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Feb
4
comment For a sequence, why must $\lim _{n→∞} {||x_n||} = ∞$, $\lim _{n→∞} {||x_n||} = 0$, or there exists a convergent subsequence with a nonzero limit?
No, you are not right. If a sequence is unbounded, it does not imply that the limit is $\infty$. $0,1,0,2,0,3,0,4,0,5,\dots$ is unbounded but it has no limit because some of the entries are stuck at small values while others get arbitrarily large.
Feb
4
comment Eigenvector with matrix amlost full with zeros
This generalized Jordan form may be found by special Mathematica functions, see e.g. reference.wolfram.com/language/ref/JordanDecomposition.html
Feb
4
comment Eigenvector with matrix amlost full with zeros
Let me add that for such defective matrices, one may construct "something" instead of the list of eigenvectors, namely the Jordan normal form. In this 2 times 2 case, one has vectors $u$ and $v$ such that $Au=\lambda u$ is an eigenvector, but $(A-\lambda)v=u$. So the action of $A-\lambda$ on the "not quite eigenvector", the other vector, isn't quite zero, but is equal to the (previous) vector, in this case the eigenvector $u$. So one gets chains etc.
Feb
4
comment Compute $(\sin4^\circ)^2 +(\sin8^\circ)^2+(\sin12^\circ)^2+\cdots+(\sin176^\circ)^2$
Dear @ArchisWelankar, all the terms in the sum are clearly positive numbers (square of some other positive numbers) so their sum has to be positive, too.
Feb
4
answered Compute $(\sin4^\circ)^2 +(\sin8^\circ)^2+(\sin12^\circ)^2+\cdots+(\sin176^\circ)^2$
Jan
30
comment Are certain equations for orthogonal trajectories of a curve incomplete?
$y=kx$ fails to include the special case formally "$y=\infty\cdot x$" which is the vertical line. Similarly, $x=ky$ fails to include the special case "$x=\infty\cdot y$", the horizontal line. But those are measure-zero i.e. "infinitely unlikely" values which allows you to say that it basically works. Geometrically, on a generic smooth curve like the circle, the tangents have these precise slopes (exactly vertical or exactly horizontal) at 2+2 places only (top, bottom, left, right) and indeed, you may describe the nearby points and calculate the tangent as a limit whenever the curve is smooth.
Jan
30
revised How do you go about solving this recurrence?
added 52 characters in body
Jan
30
answered Difference between continuous and uncountable set.
Jan
28
comment Solve $z^6=(z-1)^6$.
Dear @user301068 - the case $k=0$ doesn't produce any solutions because for that value, the equation reduces to $z/(z-1)=1$ which is equivalent to $z=z-1$ and that has no solutions (because it's equivalent to $0=1$), except for (formally) $z=\infty$. So only the values $k=1,2,3,4,5$ produce five solutions. That shouldn't be surprising because your original equation is a 5th order algebraic equation - the term $z^6$ cancels when you expand the polynomials.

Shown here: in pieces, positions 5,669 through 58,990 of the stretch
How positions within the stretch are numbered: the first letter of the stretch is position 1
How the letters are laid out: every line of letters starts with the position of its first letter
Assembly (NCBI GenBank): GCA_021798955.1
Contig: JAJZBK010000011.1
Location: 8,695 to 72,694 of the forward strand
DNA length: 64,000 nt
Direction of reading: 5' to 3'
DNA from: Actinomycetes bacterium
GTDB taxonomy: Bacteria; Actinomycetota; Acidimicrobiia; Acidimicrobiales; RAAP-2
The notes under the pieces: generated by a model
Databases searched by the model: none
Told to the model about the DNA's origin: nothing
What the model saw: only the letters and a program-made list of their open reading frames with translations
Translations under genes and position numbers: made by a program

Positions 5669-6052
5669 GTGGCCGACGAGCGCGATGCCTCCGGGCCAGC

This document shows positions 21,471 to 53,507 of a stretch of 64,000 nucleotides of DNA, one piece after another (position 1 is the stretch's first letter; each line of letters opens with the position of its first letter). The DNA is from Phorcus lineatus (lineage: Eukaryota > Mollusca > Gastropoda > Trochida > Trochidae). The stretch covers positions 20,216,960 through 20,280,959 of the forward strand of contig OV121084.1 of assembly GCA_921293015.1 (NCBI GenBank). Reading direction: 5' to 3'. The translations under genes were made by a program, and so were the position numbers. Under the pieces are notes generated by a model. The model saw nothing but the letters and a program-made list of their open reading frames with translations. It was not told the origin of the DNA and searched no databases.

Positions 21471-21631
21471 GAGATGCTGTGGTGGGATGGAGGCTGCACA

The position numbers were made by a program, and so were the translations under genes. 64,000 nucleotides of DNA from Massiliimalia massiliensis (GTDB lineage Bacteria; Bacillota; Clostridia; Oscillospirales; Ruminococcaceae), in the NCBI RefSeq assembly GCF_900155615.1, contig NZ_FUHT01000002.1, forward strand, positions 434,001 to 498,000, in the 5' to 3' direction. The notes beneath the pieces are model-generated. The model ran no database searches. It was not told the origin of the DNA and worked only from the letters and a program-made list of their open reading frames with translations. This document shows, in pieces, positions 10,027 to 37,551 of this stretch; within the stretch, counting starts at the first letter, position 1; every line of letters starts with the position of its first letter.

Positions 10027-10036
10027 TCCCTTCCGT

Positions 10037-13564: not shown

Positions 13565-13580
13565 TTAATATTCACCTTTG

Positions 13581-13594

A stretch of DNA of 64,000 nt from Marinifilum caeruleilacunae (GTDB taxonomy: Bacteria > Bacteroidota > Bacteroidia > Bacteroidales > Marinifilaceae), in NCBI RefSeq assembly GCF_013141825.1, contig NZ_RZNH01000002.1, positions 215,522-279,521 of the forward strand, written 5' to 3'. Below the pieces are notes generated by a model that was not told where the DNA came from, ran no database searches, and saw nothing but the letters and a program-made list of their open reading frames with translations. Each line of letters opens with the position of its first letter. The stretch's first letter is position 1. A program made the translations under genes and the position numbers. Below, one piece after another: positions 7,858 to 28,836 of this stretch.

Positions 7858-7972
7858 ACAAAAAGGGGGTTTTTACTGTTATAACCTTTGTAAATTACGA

Jan
28
comment Solve $z^6=(z-1)^6$.
It's very hard to understand what you're missing. You present the calculation, divided to really small, correct, elementary pieces, but you still don't seem to be satisfied. What "doesn't work"? Or can't you solve the equation $z/(z-1) = K$ for a constant $K$? This is a linear equation $z=Kz-K$ i.e. after you multiply it by $z-1$ which is solved by $z=-K/(1-K)$.
Jan
26
answered Convergence test of $S=\frac{1}{\ln 2} \sum_{k=1}^\infty \ln (1+\frac{1}{k(k+2)}) \ln k$
Jan
25
answered How can I prove that for a Killing vector $\nabla^a \nabla_a \xi^\mu = -R^b_a \xi^a$?
Jan
25
comment How can I prove that for a Killing vector $\nabla^a \nabla_a \xi^\mu = -R^b_a \xi^a$?
The equation you "got to" can't be right because some termshave the free $\mu$ index but the last term doesn't.
Jan
25
answered How to prove $\sin3θ=3\sinθ-4\sin^3θ$
Jan
21
comment Finding Lie algebra isomorphisms
This successful localization of "very different matrices" with the same commutator algebras is equivalent to finding "very different representations" of the Lie algebra (and therefore the Lie group, too). The Dirac matrices are matrices expressing the generators of the Lie algebra with respect to "spinor representations". The dimension of the spinor representation is the power of two. Instead of just two nonzero entries, $J_{ij}$ in the spinor representation have one nonzero entry in each row (and in each column).
Jan
21
comment Finding Lie algebra isomorphisms
Hi @user302234 - yes, I meant exactly that matrix, $1$ at $ij$ and $-1$ at $ji$, otherwise zeroes. The funny thing is that these matrices have the commutators $[J_{ij},J_{kl}] = J_{il}\delta_{jk}-...-...+...$, four similar terms in total, and one may find completely different matrices of different size that have exactly the same commutators. For example, one may find them in terms of the "Dirac gamma matrices" and their products. The Dirac matrices are $2^N\times 2^N$ matrices of various sorts, tensor products of many copies of Pauli matrices and the identity. They anticommute with each other.
Jan
19
answered Finding Lie algebra isomorphisms
Jan
19
comment Finding Lie algebra isomorphisms
There are many ways to prove it, explicitly or by clever arguments, but I want to stress that these isomorphisms are absolutely fundamental, especially in physics. Among other consequences, they're the reason why spin-1/2 particles such as the electron (with the spin up or down) may exist in the 3D space.
Jan
18
answered Limit as $x$ goes to infinity
Jan
15
comment Normal Distribution sample mean and population mean?
Sorry, the last step is $4472/5000=0.894$ standard deviations.